While some of the comics in here are kind of cute, I think my disconnection from them probably says more about me and my past history of relationships (ie. I have not been in many long term relationships) than the creator. Of course, I'm sure it doesn't help that I don't think the people in this comic seem like people I'd want to go out with. (Really? You need to remind your partner to shower?!)
What I do like is the artwork, which is really cute. I didn't scan the image, but there are some pictures of drunk owls in here that are totally adorable.


So this past weekend I got to attend the Iowa City Zine Librarian (un)Conference. It was a pretty awesome experience. I got to meet a bunch of librarians who deal with zines in their collections, participate in some great discussions, and volunteer to do more work. Yay! (Wait, more work? Yay?)

If you didn't get to attend there should be notes on each of the sessions up on the wiki (check the schedule page), and there are youtube channels with recordings of at least some of goings on too.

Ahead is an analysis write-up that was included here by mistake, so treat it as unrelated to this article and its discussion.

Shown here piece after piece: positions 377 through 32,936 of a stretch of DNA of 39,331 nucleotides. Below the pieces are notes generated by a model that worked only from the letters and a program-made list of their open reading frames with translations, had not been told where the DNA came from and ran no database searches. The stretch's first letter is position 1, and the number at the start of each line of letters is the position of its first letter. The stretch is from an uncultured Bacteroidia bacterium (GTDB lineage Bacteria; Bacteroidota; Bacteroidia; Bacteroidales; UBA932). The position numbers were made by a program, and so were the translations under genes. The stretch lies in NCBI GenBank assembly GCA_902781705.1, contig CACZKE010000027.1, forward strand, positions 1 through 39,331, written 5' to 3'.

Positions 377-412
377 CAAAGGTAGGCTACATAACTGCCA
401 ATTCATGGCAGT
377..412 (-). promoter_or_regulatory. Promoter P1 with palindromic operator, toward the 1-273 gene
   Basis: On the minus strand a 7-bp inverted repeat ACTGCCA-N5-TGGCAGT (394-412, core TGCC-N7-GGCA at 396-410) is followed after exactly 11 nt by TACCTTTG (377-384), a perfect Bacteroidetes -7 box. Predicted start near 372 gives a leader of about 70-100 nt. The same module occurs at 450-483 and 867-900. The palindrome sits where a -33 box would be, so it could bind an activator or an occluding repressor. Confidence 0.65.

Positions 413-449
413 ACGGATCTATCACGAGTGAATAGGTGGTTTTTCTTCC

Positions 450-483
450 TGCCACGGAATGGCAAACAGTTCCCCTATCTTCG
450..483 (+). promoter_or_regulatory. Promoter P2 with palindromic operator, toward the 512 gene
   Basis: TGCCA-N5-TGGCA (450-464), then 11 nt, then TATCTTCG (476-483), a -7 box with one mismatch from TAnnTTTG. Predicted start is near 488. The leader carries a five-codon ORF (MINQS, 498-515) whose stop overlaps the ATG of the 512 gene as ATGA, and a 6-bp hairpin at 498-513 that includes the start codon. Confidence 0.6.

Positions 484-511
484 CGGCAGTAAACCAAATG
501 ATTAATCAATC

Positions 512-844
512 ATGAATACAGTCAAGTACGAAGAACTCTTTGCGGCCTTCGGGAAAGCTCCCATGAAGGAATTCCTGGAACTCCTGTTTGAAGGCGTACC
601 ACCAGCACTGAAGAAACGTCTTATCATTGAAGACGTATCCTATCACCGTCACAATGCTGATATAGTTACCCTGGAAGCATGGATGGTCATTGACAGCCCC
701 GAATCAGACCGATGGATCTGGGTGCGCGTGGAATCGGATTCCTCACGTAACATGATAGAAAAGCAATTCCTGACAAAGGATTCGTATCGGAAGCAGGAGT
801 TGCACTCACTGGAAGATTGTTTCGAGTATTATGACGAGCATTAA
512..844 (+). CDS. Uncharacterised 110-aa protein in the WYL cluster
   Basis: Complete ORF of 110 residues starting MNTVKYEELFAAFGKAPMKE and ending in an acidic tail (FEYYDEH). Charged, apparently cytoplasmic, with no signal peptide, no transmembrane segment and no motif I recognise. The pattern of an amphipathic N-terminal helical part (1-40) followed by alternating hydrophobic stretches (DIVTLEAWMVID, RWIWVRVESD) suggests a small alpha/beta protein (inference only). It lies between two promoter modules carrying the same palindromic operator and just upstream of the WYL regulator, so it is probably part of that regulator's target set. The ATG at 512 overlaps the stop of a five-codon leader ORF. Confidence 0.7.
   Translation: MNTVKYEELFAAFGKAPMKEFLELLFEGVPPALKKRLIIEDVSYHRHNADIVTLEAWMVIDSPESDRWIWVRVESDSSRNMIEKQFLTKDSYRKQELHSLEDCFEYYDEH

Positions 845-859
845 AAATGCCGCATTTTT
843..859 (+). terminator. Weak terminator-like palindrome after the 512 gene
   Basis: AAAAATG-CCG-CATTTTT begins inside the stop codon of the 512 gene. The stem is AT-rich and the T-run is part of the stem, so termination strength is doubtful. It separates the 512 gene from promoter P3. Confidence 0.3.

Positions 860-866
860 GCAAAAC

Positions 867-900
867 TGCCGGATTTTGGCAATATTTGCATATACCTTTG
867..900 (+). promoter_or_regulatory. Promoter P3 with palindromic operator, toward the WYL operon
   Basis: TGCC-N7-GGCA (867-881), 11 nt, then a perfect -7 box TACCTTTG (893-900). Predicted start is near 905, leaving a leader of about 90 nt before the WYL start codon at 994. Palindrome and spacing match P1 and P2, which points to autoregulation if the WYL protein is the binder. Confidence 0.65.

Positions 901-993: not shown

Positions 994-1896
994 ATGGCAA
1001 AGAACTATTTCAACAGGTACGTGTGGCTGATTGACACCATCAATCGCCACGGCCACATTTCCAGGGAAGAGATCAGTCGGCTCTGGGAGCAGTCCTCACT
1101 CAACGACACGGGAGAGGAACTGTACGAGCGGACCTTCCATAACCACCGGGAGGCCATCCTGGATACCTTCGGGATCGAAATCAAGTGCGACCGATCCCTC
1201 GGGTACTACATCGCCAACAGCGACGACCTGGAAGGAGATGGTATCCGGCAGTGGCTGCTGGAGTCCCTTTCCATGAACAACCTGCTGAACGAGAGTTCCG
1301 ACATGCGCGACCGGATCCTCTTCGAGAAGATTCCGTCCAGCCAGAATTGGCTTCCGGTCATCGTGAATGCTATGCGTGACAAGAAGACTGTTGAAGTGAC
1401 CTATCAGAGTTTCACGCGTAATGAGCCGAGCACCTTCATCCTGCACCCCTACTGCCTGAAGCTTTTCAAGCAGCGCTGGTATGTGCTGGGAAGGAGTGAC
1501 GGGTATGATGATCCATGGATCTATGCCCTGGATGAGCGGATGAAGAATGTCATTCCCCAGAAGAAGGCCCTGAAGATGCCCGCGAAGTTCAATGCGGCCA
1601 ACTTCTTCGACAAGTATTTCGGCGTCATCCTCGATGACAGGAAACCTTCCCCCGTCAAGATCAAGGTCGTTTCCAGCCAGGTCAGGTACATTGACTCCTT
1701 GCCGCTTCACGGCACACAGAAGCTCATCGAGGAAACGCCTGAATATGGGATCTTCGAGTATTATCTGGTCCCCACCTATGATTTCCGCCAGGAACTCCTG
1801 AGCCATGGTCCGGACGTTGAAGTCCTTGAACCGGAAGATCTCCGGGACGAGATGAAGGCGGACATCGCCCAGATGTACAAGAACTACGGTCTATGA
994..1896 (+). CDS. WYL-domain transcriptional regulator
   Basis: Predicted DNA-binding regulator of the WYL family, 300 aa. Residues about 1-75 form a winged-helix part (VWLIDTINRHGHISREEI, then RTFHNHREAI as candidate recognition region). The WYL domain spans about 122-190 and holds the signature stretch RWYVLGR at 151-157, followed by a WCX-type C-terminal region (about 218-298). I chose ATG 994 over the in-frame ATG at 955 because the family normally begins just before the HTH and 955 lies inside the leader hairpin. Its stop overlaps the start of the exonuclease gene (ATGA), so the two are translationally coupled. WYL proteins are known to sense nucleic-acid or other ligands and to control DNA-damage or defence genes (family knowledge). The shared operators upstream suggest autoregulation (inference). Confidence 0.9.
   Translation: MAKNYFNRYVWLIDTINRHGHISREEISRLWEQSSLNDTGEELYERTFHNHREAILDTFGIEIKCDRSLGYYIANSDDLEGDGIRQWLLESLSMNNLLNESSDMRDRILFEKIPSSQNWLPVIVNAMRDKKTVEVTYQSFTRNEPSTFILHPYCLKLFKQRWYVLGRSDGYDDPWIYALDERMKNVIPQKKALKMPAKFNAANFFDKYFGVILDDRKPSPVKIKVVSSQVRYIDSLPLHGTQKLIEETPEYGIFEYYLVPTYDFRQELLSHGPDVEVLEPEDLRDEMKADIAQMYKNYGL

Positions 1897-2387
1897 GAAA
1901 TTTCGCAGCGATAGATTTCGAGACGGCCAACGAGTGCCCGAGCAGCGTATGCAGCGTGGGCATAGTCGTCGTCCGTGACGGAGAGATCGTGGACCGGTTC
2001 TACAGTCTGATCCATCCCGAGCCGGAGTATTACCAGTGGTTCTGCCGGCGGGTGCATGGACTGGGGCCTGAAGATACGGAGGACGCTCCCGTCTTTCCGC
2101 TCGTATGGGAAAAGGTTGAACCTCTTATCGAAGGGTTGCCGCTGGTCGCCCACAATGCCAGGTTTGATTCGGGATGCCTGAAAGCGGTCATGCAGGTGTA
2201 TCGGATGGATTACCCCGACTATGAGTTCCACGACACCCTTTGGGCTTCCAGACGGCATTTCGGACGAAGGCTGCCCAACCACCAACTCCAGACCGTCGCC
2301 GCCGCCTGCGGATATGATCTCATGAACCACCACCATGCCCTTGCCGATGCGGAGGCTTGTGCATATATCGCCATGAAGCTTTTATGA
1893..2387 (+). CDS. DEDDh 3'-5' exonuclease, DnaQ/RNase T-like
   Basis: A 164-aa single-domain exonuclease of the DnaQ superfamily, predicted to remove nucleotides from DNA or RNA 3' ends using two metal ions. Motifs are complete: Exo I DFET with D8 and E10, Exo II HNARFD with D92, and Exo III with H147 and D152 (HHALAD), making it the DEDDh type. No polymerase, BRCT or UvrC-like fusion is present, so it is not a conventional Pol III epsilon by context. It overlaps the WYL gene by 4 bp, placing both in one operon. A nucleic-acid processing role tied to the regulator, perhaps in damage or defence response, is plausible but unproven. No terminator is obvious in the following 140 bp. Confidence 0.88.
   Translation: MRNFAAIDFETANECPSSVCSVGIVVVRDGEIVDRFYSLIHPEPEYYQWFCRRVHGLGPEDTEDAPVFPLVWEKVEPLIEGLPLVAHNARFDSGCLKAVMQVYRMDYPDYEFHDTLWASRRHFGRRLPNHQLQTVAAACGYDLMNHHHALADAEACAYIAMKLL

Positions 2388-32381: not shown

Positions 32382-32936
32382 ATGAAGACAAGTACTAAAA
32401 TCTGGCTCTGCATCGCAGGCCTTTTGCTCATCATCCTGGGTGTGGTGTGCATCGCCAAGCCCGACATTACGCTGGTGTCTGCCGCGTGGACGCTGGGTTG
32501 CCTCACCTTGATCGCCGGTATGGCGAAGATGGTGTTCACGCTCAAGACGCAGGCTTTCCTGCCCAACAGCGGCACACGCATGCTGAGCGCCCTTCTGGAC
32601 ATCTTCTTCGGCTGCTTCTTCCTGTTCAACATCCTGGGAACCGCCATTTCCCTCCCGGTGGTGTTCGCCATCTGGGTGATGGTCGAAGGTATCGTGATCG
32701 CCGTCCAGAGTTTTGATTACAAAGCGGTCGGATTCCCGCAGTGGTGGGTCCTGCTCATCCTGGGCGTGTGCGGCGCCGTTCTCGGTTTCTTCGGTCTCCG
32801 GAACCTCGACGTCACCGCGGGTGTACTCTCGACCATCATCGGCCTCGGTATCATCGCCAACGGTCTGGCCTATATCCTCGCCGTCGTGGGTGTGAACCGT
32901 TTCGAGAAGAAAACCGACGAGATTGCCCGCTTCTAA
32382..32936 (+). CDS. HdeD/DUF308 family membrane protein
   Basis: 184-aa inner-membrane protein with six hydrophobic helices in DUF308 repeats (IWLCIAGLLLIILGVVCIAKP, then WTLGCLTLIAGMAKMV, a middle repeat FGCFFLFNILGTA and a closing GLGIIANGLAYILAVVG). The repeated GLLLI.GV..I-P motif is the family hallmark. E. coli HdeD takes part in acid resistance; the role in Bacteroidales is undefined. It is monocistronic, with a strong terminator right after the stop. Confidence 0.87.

One of the things we decided on doing was putting more content on zinelibraries.info, so hopefully in the next few months you'll start to see photo tours of zine collections, zine reading lists on various topics, and more. Awesome!

I can't wait until the one next year. Hopefully I'll be able to attend!


PO Box 26183
Baltimore, MD
21210
USA

I'll admit, I wasn't really sure what I was reading until I got to the final page of this zine and read the guidelines for people who want to submit to future issues. So what is Docs? Well, it's brief three topic/page biographies of people: living, dead, or entirely fictional.

And by "biography" I'm speaking pretty loosely, there are pictures, and sheet music, and weird stories, and to be honest I really didn't have any idea what I was reading the first time through. Where these true? They didn't really seem to be...